Just what the hell was found on Mark Lundy's polo shirt - and how it got there - will quite possibly go a long way towards determining the fate of the man accused of murdering his wife and daughter in their Palmerston North home on the night of August 30, 2000.
There are two stains, known as C30003/3, on the sleeve, and C30003/4, on the chest. They are, say the prosecution, central nervous system tissue from Christine Lundy's brain. The first of their expert witnesses was called yesterday.
The shirt is at the front of the courtroom. It's made by Lancia, sort of grey-blue, size XXL, as vast as a tent - these days its former owner would be likely to disappear inside it and not find his way out. It's like a WeightWatchers exhibit. The shirt is the before, Lundy is the after. He's not half the man he used to be; in his seat at the back of the courtroom he looks almost gaunt.
According to the Crown, the stains pin him to the scene of the crime. They landed on his shirt while he was engaged in the process of killing.
On Monday, the defence was allowed to call its own expert witness. Gillian Leak talked a lot about the shirt. She had conducted experiments with a replica of it, and showed photographs of a volunteer fatso taking the XXL garment over his head, and dropping it on the floor. The point of the exercise was to demonstrate that the stain on the chest, our old friend C30003/4, could have smeared the sleeve of the shirt. "They could easily make contact," she said.
According to her thesis, then, the shirt was stained only once. Dear old C30003/3 was the product of a transfer. And so defence counsel David Hislop, QC, set about asking her about the possibility of that single incriminating stain arriving on the shirt as contaminated evidence from the crime scene.
He described the plot. Christine's brother finds the bodies, and brain tissue attaches itself to fibres on his jersey. He is taken away in the back of a police car, and sits next to a policeman. The tissue attaches itself to the officer, who subsequently transfers it to another officer, who examines Lundy's short-sleeved tent.
Perhaps Hislop was drawing a substantially long bow, perhaps not, but he stuck to the task, and drew it and drew it and drew it, and Leak said she could not exclude the possibility. "The start of the series has the potential to pass it along, because you have a link going all the way back to the crime scene," she said.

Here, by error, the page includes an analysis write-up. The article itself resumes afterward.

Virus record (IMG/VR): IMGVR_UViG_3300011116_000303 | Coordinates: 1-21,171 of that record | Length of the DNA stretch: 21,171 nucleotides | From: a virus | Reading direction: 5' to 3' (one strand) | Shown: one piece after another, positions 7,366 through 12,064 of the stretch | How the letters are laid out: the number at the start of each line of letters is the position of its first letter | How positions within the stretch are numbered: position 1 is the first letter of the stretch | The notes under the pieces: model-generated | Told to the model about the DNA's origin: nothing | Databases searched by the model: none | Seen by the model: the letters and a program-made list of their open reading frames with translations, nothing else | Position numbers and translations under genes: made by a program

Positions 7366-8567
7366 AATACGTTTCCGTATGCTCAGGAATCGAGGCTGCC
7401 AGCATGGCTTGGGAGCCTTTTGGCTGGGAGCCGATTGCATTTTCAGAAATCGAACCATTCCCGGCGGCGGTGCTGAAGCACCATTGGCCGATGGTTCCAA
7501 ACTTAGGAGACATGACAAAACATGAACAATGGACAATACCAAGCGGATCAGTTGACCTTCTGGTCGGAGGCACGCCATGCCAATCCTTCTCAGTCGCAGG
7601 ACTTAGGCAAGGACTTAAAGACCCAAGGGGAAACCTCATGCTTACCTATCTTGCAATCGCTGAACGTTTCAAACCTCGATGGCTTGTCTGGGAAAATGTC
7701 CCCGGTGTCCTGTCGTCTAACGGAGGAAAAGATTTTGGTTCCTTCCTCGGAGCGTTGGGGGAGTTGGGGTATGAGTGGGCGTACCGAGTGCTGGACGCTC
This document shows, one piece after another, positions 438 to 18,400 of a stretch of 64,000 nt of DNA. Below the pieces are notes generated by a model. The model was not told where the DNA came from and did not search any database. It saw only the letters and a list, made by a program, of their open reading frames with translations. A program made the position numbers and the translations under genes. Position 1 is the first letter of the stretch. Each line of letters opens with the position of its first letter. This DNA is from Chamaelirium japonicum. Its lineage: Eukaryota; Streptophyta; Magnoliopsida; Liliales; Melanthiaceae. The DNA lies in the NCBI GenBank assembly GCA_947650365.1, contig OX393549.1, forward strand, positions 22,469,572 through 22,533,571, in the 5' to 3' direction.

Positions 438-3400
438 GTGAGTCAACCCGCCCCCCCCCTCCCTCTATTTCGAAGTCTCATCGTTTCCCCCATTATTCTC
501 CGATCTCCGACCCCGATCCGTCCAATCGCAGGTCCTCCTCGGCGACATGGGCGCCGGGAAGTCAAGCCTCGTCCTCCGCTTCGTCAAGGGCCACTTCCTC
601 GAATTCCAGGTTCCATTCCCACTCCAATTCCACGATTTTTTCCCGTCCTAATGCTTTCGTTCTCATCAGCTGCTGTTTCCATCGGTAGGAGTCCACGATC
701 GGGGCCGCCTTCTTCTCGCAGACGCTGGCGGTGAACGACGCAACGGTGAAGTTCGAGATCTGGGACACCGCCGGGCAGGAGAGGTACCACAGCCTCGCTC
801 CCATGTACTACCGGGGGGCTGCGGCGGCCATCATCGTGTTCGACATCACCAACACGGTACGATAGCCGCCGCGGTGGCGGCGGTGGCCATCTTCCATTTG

Leak worked on the Yorkshire Ripper investigation in England; yesterday, the prosecution called its forensic expert, Laetitia Sijen, from Holland, who can also list encounters with human depravity on her CV -- war crimes in the former Yugoslavia. She talked a lot about Lundy's shirt, too. Her punchline was a long time in coming. First, there was an amiable discussion about shopping for human remains.
Crown prosecutor Philip Morgan, QC: "Where do you get your brain material from?"
Sijen: "The Amsterdam Medical Centre, where people donate their bodies to science."
She said she also conducted tests on a cow, a sheep, a chicken, a cat, a dog, a rabbit, a pig and a guinea pig. "You can order their brains online," she pointed out.
Her laboratory conducted tests on the animal brains and the human brains, and also on samples taken from C30003/3 and C30003/4. Signals would announce the presence of human brain RNA. The sheep, cat, dog and guinea pig showed nothing. Interestingly, the signals were picked up in samples taken from the cow, the rabbit and the pig. Another test was taken. The temperature was raised by four degrees, and the signals disappeared. Four degrees' separation.
Finally, after much talk of microlitres and false-positives and such, she said that the stain on the sleeve of Lundy's polo shirt had human brain on it.
"From the results," said Sijen, "we infer that human central nervous system tissue was present."
It showed in seven out of 12 tests, or 58 per cent.